We all know freelancing income is nothing like our regular salaried income that is fixed and recurrent. Every month, freelancers’ earnings vary from few hundreds to tens or thousands. As a freelancer, you may want to know how a freelance income is taxed or what the minimum earning is freelancers need to earn, to file income taxes.
Let us make you aware of the freelance income taxes and how and when you should pay.
Freelancing Incomes That Are Taxable
Income Tax Act states: If an income from any profession that involves service and work, which also require use of skills (be it manual skill or intellectual skill), such income will be taxable under the head ‘Profits and Gains of Business and Profession’.
The sum of all the receipts generated for the services and work provided to your
clients is your income. As a freelancer, your clients can be based in India or abroad, can change each month and the services you offer may also differ each month.
However, your clients make payments towards the services and work rendered by you. They may transfer the amount via NEFT or IMPS, cheque or by cash. If you do not have any receipt for the payment, you can use your bank statements and add up the entire amount credited by your clients to your account as work payment for your receipt. In case of cash payment, a receipt becomes mandatory.
Freelance Job Expenses That Are Deductible
A certain percentage of your freelance income can be deducted as expenses incurred in doing the job itself. The expenses could be anything from furniture, electronics, tools, transportation and gadgets. However, these expenses should be directly relating to your profession or work rendered.
Some of the points or rules that has to be kept in mind while deducting expenses include
- The expense should directly relate to the freelance work you are currently doing
- The expenses deducted should be spent fully and completely for the purpose of the work (INR 30,000 deducted for a new laptop by a content writer. The entire 30,000 should be spent on the laptop)
- You should have proper receipt or proof of the expense made
- The expenses deducted should be of the current tax year
- The expenses incurred should not be for any offensive purpose or that is prohibited by the law
- The income from which expenses are deducted should not be of Capital Expenditure or Personal Expenditure in nature of the freelancer, i.e., you.
Here are some expenses that can be categorized as deduction against freelance income:
- Property Rent
Any property (room, house, workshop, restaurant kitchen, studio, condo, lawn etc.) for which rent is paid to carry your freelance work is allowed to be deducted from income.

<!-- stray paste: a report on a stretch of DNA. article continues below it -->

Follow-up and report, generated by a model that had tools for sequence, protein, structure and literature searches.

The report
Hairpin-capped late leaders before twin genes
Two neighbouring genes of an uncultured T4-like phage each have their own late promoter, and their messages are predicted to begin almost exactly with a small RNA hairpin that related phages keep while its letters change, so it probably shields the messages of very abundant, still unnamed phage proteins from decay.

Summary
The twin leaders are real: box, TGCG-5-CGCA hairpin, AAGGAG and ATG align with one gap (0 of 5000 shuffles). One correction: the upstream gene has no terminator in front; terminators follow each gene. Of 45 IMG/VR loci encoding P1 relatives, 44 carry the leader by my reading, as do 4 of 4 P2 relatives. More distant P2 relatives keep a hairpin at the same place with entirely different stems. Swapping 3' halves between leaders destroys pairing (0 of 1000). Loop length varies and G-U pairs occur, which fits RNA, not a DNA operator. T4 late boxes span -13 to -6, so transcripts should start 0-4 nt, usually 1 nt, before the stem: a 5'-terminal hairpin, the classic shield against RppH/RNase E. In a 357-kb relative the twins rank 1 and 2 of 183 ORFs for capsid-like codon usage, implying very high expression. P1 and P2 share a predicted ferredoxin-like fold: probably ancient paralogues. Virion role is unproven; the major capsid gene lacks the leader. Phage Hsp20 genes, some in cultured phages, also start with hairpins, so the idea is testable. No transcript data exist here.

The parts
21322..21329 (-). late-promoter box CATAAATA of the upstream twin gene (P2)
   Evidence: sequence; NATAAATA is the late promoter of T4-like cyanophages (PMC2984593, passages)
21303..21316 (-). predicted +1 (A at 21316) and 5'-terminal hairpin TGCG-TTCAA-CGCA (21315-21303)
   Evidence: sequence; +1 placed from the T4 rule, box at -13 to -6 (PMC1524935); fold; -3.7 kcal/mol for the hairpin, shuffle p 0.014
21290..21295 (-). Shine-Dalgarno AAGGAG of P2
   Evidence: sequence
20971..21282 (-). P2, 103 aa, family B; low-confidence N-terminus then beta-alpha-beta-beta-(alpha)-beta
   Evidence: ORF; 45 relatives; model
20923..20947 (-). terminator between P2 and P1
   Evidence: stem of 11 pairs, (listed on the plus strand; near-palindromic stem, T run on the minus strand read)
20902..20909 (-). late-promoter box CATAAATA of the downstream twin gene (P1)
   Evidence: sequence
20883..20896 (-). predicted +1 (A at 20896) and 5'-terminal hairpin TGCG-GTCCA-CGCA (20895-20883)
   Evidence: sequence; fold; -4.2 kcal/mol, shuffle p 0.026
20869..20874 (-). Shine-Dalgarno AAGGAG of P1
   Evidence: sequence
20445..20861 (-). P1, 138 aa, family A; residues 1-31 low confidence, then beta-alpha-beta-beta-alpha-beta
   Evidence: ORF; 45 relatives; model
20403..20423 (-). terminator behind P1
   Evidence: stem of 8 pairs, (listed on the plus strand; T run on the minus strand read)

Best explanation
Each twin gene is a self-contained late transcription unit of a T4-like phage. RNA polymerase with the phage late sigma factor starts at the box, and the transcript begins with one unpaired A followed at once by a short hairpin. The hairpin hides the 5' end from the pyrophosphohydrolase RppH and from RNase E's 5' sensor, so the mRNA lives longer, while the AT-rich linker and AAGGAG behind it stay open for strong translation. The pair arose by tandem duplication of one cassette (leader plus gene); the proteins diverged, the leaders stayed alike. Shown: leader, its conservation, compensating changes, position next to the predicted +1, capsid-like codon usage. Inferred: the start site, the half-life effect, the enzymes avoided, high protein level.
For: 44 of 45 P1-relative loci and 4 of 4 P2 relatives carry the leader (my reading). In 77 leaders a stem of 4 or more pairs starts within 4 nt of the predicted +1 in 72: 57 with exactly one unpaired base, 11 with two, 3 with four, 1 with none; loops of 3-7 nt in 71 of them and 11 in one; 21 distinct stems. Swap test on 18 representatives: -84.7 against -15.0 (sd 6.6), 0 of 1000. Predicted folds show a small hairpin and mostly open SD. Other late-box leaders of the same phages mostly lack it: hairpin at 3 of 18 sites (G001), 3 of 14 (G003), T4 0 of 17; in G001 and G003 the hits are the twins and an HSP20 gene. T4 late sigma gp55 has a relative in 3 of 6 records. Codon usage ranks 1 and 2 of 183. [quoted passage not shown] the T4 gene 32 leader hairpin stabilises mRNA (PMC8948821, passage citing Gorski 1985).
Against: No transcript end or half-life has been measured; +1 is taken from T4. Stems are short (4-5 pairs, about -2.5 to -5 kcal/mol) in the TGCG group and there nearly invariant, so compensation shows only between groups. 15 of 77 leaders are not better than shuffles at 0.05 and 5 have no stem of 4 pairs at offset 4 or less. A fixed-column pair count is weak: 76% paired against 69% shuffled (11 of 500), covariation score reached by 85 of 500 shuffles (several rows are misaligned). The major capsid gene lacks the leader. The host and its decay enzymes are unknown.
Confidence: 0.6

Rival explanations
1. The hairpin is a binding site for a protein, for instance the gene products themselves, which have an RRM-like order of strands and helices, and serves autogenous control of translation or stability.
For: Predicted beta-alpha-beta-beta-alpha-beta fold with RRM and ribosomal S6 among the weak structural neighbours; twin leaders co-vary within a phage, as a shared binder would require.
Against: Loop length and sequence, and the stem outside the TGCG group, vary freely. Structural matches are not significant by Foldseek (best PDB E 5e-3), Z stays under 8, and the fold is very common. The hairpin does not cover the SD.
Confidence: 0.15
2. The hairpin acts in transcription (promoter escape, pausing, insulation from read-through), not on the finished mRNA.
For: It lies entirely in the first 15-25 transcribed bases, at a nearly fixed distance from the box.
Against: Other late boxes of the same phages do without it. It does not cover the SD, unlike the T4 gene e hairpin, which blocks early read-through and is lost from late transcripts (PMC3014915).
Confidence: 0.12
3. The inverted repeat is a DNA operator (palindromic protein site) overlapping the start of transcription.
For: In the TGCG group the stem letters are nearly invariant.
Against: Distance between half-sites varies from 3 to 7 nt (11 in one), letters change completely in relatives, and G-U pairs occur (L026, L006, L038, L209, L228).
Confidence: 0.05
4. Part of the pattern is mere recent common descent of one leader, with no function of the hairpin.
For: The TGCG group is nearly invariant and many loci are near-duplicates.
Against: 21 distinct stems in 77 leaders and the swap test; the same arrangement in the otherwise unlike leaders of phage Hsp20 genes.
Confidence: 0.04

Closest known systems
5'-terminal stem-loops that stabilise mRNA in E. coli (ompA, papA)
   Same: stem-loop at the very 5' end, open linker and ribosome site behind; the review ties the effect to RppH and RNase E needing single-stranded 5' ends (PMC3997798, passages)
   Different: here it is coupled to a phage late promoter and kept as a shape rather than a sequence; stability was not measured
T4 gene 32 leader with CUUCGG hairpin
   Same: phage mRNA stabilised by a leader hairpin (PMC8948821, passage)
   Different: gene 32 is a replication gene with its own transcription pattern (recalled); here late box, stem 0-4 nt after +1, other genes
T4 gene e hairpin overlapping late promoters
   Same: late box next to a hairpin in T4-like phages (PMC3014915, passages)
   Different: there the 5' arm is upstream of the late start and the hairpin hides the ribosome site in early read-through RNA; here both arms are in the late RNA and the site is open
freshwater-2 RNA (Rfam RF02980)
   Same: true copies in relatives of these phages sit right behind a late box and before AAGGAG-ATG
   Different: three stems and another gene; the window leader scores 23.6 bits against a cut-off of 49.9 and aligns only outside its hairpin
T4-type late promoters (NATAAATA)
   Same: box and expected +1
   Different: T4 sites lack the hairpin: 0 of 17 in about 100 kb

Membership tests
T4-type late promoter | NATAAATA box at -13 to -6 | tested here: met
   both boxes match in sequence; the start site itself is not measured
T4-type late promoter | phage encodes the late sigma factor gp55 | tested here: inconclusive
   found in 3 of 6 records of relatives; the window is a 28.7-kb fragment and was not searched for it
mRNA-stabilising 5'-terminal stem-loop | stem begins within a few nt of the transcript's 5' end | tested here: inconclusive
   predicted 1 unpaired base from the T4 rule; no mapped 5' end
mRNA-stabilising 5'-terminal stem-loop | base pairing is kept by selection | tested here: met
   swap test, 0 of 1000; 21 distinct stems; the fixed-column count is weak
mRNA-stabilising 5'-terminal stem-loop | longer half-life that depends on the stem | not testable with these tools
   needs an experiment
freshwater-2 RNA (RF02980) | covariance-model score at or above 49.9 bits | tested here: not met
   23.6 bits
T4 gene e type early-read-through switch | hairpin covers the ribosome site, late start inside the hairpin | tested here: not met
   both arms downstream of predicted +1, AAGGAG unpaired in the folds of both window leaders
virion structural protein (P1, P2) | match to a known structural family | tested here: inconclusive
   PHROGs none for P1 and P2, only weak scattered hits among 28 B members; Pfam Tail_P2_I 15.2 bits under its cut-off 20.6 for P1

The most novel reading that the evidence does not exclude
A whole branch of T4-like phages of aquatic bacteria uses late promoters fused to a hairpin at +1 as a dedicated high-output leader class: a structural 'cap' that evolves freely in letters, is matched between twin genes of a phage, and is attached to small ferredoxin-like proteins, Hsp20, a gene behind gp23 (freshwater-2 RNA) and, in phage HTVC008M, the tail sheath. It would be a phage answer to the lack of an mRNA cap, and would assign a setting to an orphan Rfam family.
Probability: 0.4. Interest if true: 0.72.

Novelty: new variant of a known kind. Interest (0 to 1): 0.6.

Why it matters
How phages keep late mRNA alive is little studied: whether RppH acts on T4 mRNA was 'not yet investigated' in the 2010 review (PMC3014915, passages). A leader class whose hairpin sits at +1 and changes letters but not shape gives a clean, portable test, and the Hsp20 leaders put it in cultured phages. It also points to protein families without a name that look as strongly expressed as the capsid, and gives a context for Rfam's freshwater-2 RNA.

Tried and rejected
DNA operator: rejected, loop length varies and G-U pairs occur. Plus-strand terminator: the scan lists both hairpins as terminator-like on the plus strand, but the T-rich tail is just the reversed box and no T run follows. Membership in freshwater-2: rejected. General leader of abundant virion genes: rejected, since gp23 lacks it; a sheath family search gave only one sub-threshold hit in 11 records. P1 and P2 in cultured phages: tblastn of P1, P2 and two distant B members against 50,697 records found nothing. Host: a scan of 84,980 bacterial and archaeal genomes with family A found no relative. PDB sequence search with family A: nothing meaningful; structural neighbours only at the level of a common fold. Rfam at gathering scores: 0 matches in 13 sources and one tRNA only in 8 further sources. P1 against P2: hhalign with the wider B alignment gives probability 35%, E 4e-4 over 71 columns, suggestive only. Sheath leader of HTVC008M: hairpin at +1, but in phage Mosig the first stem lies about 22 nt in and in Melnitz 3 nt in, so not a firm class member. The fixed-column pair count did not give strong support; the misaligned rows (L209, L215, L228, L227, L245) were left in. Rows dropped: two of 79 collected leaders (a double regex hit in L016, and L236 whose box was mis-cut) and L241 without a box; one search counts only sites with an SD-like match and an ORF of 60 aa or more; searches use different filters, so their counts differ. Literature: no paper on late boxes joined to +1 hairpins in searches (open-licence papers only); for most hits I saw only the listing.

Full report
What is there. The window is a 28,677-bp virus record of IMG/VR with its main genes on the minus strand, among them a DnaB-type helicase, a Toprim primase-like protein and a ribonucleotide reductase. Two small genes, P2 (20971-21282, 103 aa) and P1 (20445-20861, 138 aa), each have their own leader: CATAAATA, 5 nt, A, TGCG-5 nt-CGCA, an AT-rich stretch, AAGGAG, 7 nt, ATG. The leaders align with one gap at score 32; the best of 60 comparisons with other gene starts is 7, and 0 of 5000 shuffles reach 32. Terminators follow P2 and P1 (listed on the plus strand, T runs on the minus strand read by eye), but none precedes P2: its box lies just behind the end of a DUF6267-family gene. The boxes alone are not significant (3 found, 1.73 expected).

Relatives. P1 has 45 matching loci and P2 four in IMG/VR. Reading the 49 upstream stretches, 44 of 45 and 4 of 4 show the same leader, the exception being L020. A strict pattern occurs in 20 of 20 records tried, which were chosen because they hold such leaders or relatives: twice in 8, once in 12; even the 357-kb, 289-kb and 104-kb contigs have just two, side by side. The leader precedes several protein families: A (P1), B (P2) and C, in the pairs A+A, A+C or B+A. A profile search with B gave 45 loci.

- Travel and Transportation
The cost incurred in traveling to meet clients or transporting things to work locations can be deducted from income.
- Entertainment and Hospitality
When money is spent in business meets, client visits or with the sole intention to grow your existing or new business or freelance work can be deducted. Such expenses include dinner with clients, outings, site visits etc.
- Repairs and Services
If you own a property for your work and you carry out repair works, the amount spent can be deductible.
If you have rented a property and have agreed on performing the repair and services, the repair cost can be deducted.
Any repairs to your work equipment or furniture such as laptop, camera, printer, etc are allowed for deduction.
- Office Expenses
Office expenses that have been incurred to carry out your freelance work can be deducted. Such expenses include internet and phone bill, conveyance bill, salary to assistant, office supplies etc.
Capital assets are depreciated. What is Capital Asset? Any asset whose benefit or value is sure to last more than a year is termed as capital asset. Such assets are not charged as expenses or capitalised when they are brought.
However, each year a certain percentage of its cost is deducted from your income or expensed in the name of depletion or wear and tear. This expense that is deducted every year is called Depreciation.
Example: You buy a Camera worth INR 85,000 for your freelance photography work. The INR 85,000 will be considered your asset. Now assuming a straight line depreciation of 33.33% (this is a hypothetical rate) each year, a price amounting to INR 28, 330 will be expensed every year as capital asset depreciation.